The Lt. Columbo Forum

An area where fans from all over can ask each other questions and voice their own ideas and opinions on anything Columbo.

This Forum is fondly dedicated in memory of  "cassavetes45"  (Carleen Zink),
Columbo's greatest fan and a great friend to us all.
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A Stitch in Crime

The next episode is going to be reviewed:

- Whenever I watch it I always think "why sharon didn't wait a little longer time to call the suture provider?". She knew Dr Mayfield can listen to that :P
- Nita Talbot's character gives a lot of pluses to this episode
- Columbo's monologue about how he missed his lunch and going to be late for a dinner <-- very nice
- I like the girl on the same party with this kerchief on her head (I don't know it that is the proper word) :)
- I always feel sorry for Marsha when she asks "what would you like to do now?" and she is so disappointed with the answer
- immortal question: was Harry Alexander murdered or no? did he survive?
- it contains one of my favorite lines: "maybe she knows more than she's saying" and Columbo answers "actually I think she knows less than she's telling"
- Columbo gets mad, I love that scene. And I like it only BECAUSE he is not used to do that (which was the reason why some people were saying here they don't like this scene)
- what a coincidence that medicine of Dr Hideemann was left unattended for such a long time :)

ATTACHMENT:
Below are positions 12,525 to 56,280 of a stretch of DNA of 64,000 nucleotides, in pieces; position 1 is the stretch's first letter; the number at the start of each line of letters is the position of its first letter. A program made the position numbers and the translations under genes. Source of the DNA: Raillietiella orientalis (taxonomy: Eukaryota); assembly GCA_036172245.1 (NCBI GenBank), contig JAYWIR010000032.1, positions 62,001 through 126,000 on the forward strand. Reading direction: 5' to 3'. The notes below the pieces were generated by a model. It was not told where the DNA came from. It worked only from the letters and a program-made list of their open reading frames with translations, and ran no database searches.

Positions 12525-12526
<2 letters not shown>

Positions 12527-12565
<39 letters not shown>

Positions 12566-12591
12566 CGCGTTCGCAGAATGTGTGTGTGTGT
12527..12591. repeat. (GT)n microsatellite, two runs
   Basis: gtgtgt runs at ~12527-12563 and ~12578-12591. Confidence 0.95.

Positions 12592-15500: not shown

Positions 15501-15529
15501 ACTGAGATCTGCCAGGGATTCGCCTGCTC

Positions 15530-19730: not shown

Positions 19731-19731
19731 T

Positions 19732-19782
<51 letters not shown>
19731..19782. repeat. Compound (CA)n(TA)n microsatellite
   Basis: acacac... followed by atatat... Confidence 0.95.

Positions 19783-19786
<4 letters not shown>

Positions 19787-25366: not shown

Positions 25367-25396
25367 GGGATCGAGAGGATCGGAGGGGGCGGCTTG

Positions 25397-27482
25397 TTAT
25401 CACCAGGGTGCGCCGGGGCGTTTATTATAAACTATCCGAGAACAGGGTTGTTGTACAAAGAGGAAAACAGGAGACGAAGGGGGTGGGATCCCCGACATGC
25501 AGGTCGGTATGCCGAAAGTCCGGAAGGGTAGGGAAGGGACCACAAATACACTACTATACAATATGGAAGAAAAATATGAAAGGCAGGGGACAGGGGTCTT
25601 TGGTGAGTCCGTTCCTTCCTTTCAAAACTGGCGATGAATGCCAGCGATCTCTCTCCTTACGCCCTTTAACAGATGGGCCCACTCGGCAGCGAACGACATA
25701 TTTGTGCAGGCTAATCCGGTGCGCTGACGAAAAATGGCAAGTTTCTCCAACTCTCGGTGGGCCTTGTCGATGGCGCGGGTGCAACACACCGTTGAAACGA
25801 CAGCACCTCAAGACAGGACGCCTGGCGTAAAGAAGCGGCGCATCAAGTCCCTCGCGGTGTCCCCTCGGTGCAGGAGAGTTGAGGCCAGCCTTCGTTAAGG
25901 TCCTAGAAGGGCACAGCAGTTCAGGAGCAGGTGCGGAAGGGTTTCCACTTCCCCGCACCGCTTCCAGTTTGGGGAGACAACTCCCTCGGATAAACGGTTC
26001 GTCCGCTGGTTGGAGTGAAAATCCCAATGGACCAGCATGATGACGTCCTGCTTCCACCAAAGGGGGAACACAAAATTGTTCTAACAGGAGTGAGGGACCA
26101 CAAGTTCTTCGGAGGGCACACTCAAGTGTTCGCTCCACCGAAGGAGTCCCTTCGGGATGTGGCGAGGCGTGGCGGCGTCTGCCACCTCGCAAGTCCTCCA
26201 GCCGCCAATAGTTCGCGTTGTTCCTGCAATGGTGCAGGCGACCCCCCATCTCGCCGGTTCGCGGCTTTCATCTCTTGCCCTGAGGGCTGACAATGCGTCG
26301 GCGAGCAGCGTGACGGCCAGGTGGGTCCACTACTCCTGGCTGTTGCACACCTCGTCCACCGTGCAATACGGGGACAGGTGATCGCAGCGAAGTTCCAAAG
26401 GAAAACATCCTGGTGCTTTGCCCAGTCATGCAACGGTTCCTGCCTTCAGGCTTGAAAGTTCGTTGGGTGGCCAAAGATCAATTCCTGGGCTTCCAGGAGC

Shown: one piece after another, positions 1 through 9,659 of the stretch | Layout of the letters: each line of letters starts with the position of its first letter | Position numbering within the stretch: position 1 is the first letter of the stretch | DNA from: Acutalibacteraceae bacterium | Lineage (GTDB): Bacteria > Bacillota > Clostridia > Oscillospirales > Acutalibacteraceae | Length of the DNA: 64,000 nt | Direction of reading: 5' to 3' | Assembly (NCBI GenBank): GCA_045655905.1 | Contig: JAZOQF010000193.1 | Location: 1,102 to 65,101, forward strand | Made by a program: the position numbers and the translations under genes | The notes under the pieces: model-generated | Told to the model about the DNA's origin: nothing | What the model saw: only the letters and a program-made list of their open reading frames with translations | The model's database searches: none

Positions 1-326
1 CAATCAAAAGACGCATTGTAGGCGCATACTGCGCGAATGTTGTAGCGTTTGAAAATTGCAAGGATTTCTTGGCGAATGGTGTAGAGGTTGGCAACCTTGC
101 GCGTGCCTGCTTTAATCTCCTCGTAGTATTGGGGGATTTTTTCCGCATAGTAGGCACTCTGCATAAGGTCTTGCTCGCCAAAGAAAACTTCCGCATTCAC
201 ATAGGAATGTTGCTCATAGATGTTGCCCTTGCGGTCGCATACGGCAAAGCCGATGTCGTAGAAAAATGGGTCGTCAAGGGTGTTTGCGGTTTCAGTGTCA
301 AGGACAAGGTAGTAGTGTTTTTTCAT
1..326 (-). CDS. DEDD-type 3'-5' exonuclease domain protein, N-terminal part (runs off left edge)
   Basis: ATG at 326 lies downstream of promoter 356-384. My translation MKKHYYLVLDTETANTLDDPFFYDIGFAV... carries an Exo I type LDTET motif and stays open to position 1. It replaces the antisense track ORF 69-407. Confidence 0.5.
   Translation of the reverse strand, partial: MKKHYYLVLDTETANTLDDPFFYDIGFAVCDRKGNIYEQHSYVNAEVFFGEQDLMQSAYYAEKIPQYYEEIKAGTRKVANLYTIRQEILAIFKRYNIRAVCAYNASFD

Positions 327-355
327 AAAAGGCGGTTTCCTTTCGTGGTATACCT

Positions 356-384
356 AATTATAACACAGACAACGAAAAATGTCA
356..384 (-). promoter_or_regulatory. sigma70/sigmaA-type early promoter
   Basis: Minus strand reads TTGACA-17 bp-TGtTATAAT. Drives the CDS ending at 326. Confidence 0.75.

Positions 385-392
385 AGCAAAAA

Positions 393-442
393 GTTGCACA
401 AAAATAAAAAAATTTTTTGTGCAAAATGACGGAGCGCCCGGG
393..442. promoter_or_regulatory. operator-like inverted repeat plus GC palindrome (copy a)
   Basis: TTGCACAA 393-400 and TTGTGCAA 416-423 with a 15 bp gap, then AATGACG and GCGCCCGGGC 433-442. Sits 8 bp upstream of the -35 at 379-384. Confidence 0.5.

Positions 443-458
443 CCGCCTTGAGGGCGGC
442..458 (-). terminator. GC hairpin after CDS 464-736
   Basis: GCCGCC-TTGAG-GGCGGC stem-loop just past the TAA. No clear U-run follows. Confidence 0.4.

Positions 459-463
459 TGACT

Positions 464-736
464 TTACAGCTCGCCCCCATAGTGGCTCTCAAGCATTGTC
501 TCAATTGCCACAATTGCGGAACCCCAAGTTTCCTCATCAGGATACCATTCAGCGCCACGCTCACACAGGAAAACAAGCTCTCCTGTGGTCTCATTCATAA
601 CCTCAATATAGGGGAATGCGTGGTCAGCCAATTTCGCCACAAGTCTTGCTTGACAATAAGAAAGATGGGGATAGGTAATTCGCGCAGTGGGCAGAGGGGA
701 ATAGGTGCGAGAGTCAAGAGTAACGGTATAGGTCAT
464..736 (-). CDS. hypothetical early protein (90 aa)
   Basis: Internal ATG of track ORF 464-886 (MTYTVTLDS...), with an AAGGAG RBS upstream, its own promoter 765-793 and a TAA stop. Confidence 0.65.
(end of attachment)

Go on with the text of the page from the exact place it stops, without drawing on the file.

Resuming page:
Re: A Stitch in Crime

It is left of the viewer's imagination to figure out if Harry Alexander lived or died. My guess is he probably lived. I think that doctor Mayfield was just trying to shoot him up with drugs to make him look like a active addict. After he said he was being cleaned up. Overall this was a great episode. I've watched it many times.

Re: A Stitch in Crime

Just watched this episode again for the 100th's amongst my favorites. I think Nimoy is one of the most diabolical criminals in the history of the show. He's smart, cold, calculating, and utterly ruthless. I also got a huge surprise when Columbo get's SO infrequent that it really comes across as special. As I watch this episode of Columbo in 2020 and during this infernal pandemic, it give me comfort, and much like Jeremy Brett in the Granada Sherlock Holmes, Columbo is ageless and as fresh today as it was when it first arrived on our tv's so long ago.